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Patent Eligibility of Software-Related Inventions in the US

October 1, 2011


On 16 August 2011, a precedential decision1 was issued by the US Court of Appeals for the Federal Circuit (CAFC), in the matter of Cybersource Corporation v. Retail Decision Inc. This decision clarified issues relating to patent eligibility of software-related inventions, under Section 101 of the US Patent Law2. The court made it clear that an invention that falls into the “abstract idea” category is not patent eligible and there is no need in such a case to apply the machine-or-transformation test for determining patent eligibility. The decision also clarifies that where a method claim is excluded from patent eligibility on grounds of being an abstract idea, then the mere formulation of such a method into a different statutory category, e.g. a so called “Beauregard” claim3, does not qualify it as a patent eligible invention.

Patent eligibility under US Patent Law is defined by Section 101. It has long been a question, dealt with in many decisions, as to the patent eligibility of software-related and business methods inventions. The matter came up before the US Supreme Court In the matter of Bilsky v. Kappos, decided on June 28, 20104. The Supreme Court ruled that the “machine-or-transformation” (M-or-T) test, established by the CAFC is a valid test for determining patent eligibility but is not the only one. That Supreme Court decision left the door open for patents on software and business method inventions. The Supreme Court in that case, concurring with the CAFC decisions, also ruled that mere abstract ideas are excluded from patent eligibility.

The specific patent in question in the Cyberscope case, discussed in this newsletter, was US Serial No. 6,029,154 directed to method for detecting fraud in internet credit card transactions. That patent has three claims of which Claims 2 and 3, the former being a Beauregard claim and the latter a method claim, were at issue. That claim 3 reads as follows:

3.  A method for verifying the validity of a credit card transaction over the Internet comprising the steps of:

a)  obtaining other transactions utilizing an Internet address that is identified with the credit card transaction;

b)  constructing a map of credit card numbers based upon the other transactions and;

c)  utilizing the map of credit card numbers to determine if the credit card transaction is valid

None of the three steps of the methods makes reference to a computer or an algorithm operating in the computer. Claim 2 (which is a Beauregard claim) defines a computer-readable medium that contains a program with instruction for a computer to carry out that method.

In rejecting Claim 3, the CAFC noted that the method steps “can all be performed in the human mind. Such a method that can be performed by human thought alone is merely an abstract idea and is not patent-eligible under § 101“.

It was also noted that these steps are “insufficient to meet the transformation prong of the [M-or-T] test“, and as worded, the use of a machine is not mandated by the claim. It was concluded that the claim was only an “application of human intelligence to the solution of practical problems” and methods that can be performed entirely on the human mind are unpatentable. Claim 3 was in principle “an unpatentable mental process – a subcategory of unpatentable abstract ideas“, and, thus, not a statutory subject matter under §101.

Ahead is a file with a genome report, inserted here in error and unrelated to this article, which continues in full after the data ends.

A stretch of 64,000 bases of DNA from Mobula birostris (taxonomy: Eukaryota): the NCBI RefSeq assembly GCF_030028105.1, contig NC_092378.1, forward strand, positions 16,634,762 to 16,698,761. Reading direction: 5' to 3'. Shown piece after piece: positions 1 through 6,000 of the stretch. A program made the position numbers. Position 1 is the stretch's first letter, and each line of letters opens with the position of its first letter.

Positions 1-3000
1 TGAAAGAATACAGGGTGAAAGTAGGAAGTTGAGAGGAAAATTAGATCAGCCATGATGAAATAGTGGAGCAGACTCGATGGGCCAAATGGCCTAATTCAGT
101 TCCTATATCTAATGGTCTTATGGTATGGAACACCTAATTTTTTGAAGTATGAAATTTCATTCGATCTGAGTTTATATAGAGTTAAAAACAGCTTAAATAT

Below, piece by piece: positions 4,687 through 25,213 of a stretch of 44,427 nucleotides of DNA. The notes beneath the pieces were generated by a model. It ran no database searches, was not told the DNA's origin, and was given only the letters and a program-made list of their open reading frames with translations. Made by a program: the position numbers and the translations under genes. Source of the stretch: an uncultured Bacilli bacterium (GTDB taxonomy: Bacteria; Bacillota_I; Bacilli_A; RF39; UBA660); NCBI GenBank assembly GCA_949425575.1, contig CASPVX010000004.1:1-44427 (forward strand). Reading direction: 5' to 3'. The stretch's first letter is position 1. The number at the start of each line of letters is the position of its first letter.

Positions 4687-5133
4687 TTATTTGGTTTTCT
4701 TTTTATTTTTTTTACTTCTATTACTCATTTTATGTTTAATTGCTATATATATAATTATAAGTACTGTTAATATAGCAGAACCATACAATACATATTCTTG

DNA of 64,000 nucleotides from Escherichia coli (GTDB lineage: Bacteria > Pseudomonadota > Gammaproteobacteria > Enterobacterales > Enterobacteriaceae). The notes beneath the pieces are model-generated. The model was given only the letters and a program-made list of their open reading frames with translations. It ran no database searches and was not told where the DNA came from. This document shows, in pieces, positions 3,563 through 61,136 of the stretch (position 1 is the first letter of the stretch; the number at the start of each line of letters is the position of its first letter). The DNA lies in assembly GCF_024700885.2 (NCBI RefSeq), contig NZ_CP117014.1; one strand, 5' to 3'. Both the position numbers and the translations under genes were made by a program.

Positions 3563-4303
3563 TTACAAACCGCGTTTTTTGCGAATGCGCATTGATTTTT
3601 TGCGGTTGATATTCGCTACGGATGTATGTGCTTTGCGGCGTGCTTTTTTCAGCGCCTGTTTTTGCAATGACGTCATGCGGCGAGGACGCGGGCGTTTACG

The decision hinted that had Claim 3 recited specific algorithms or computer-designated instructions, it would have been patentable.

Insofar as Beauregard claims are concerned, it has long been believed that such claims are patent eligible by the mere recitation of a computer readable medium. In rejecting Claim 2, the CAFC clarified that this is not necessarily the case, and noted that “merely claiming a software implementation of a purely mental process that could otherwise be performed without the use of a computer does not satisfy the machine prong of the machine-or-transformation test“. In other words, patent eligibility of a Beauregard claim should be determined by patent eligibility of the underlying invention, which in the present case is the process defined in Claim 3.

While not dealt with specifically, it nonetheless appears that this CAFC decision elevates the bar for patent eligibility of business methods. 

The bottom line is that insofar as computer-implemented inventions are concerned, inventors, owners of inventions and practitioners should take extra care to recite computer designated instructions and not merely abstract concepts.

Ehud Hausman
Patent Attorney, Adv., Senior Partner
Ehud Hausman
Ehud Hausman is a senior partner and also manages the High-Tech department of Reinhold Cohn & Partners
Dr. Ilan Cohn
Patent Attorney, Senior Partner
Ilan Cohn
Dr. Ilan Cohn is a senior partner and also manages the life science and chemistry department of Reinhold Cohn & Partners

By a 3-judge panel. Such a decision, albeit being precedential, can nonetheless be revered even by a different panel of the same court.
2 35 U.S.C. 101 Inventions Patentable.
Whoever invents or discovers any new and useful process, machine, manufacture, or composition of matter, or any new
and useful improvement thereof, may obtain a patent therefore, subject to the conditions and requirements of this title.

A type of claim first dealt with, accepted and named after In re Beauregard, 53 F.3d 1583 (Fed.Cir.1995).
4 See our Sep. 2010 newsletter entitled “Bilsky Decided at Last: Back to Business as Usual”.



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